Last fall, Cajal Neuroscience, a drug development startup specializing in neurodegenerative diseases such as Parkinson’s and Alzheimer’s, raised $96 million. And a company called Alto Neuroscience has received $100 million since 2019 for its technology, which involves using AI to develop and adapt psychiatric drugs.
Carol Su, the partner at ARCH Venture Partners, which has funded several projects in this direction, notes that the trend has intensified in the last 3-5 years.
Some Might Not Like It
But there are also concerns. The research process and the race to get a brain implant device to market as quickly as possible have created ethical issues. While medical research often includes animal testing, Neuralink has been accused of rushing through its trials. It is killing more animals than necessary.
Human trials will create other problems and can literally be a headache for patients. Some devices can fail, leaving people with outdated technology in their brains and having to make the difficult decision of whether or not to try to extract it.
Most neuro implants are based on the same idea. Brain cells generate electrical signals. They may be weakly correlated with a particular thought or action, such as hand movement. The implants pick up these signals and then communicate with another device, such as a robotic limb, or send new electrical signals back to the brain.
However, players are trying to differentiate their developments so as not to compete for future customers. For example, startup Paradromics is betting on using materials that will help the device last longer in the brain while increasing the number of electrodes or channels it can support. The company is targeting a very limited audience. It has 150,000 US residents. They estimate they may need an assistive device to speak.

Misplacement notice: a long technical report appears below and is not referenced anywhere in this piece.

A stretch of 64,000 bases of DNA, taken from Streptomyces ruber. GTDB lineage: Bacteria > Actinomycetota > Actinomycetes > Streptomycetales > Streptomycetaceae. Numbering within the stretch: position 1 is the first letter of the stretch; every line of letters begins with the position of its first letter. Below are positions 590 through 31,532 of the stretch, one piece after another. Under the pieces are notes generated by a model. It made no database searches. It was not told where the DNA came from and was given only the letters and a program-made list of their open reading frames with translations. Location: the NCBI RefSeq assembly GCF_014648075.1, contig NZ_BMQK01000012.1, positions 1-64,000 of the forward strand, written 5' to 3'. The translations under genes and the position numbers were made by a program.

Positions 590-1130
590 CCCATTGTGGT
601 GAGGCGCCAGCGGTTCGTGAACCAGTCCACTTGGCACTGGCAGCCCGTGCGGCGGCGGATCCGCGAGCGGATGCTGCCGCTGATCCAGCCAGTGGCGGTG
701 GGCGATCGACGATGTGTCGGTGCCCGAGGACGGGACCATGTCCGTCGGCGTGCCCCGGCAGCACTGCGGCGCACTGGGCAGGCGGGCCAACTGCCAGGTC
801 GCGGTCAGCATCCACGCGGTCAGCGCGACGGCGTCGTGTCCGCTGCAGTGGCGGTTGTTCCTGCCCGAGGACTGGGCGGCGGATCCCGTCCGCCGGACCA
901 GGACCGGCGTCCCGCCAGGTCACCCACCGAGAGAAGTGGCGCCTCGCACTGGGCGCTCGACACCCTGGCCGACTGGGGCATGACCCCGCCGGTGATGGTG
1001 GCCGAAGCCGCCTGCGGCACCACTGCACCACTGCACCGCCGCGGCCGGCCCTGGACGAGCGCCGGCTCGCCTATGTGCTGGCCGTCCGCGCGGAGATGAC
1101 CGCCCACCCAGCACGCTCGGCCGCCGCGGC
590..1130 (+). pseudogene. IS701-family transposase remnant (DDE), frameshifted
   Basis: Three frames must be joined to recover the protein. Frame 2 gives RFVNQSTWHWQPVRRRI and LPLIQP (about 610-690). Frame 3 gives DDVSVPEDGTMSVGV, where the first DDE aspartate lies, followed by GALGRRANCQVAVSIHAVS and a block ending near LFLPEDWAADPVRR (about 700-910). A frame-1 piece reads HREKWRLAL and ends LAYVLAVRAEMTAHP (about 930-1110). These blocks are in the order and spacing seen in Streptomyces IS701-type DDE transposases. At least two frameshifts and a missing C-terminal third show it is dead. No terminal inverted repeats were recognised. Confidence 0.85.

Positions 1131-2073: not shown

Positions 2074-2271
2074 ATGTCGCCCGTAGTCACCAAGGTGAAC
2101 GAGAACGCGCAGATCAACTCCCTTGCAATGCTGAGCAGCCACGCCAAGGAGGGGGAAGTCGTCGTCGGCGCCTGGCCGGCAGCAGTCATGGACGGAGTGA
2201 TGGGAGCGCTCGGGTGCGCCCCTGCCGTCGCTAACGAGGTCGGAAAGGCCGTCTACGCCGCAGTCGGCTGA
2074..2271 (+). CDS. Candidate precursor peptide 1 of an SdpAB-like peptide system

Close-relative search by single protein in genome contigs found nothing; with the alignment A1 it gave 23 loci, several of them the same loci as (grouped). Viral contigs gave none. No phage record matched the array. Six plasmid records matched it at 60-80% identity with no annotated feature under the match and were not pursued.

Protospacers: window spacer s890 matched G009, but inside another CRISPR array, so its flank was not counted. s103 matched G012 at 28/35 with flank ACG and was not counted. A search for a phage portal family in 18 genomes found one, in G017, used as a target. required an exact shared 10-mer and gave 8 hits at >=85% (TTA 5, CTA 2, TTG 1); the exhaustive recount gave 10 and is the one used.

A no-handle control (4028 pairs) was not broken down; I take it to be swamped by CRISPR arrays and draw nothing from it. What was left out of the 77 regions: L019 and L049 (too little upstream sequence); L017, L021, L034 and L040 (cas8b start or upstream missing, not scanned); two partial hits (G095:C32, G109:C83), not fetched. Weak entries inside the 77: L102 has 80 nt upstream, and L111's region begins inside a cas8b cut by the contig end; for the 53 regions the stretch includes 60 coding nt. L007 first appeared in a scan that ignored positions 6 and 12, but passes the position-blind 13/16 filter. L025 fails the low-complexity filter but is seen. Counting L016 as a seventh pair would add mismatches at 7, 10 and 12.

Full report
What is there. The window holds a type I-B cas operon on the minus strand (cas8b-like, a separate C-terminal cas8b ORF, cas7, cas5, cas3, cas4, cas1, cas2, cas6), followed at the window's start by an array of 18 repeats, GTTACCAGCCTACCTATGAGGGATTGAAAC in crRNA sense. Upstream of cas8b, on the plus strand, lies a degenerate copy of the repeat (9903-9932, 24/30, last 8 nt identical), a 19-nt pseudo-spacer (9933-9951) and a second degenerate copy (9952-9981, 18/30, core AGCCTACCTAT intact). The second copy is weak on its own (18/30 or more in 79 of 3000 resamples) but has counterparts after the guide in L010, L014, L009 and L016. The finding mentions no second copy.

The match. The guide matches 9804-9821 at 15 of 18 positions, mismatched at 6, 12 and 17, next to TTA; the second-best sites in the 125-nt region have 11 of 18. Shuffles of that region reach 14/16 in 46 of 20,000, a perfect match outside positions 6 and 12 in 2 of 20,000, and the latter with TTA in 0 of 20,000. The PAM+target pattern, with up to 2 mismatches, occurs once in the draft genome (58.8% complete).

Synchron’s technology, meanwhile, is designed to be administered through the jugular vein. So it doesn’t require open brain surgery, which could make things easier for doctors.
Similarly, the Precision Neuroscience implant is designed to sit on top of, but not directly into, the brain. It is expected that this will be appreciated by those who may not want to have an invasive and potentially more risky implant. While these developments can be extremely useful, they will inevitably be extremely expensive.
Matt Angle, CEO and founder of Paradromics, estimated that his company’s implant would require an insurance claim of around $150,000. And that’s just for the device itself. Any necessary operation to install or remove it will incur additional costs.
Another Way Of Development
There is another approach. Companies design their devices to run the software. It will need to be updated from time to time, and most likely for a fee. Engle notes that the ability to move to a software-as-a-service model would be beneficial for the entire industry.
Synchron has already had some preliminary discussions with the Centers for Medicare and Medicaid Services, and leaders noted that most of their target patient populations are older and more likely to benefit from Medicare.
Of course, all this is provided that these companies manage to get FDA approval. None of them currently have a commercially available product, and executives say it could be years before one of their devices is tested for safety and effectiveness. At the same time, the brain implant business is still risky.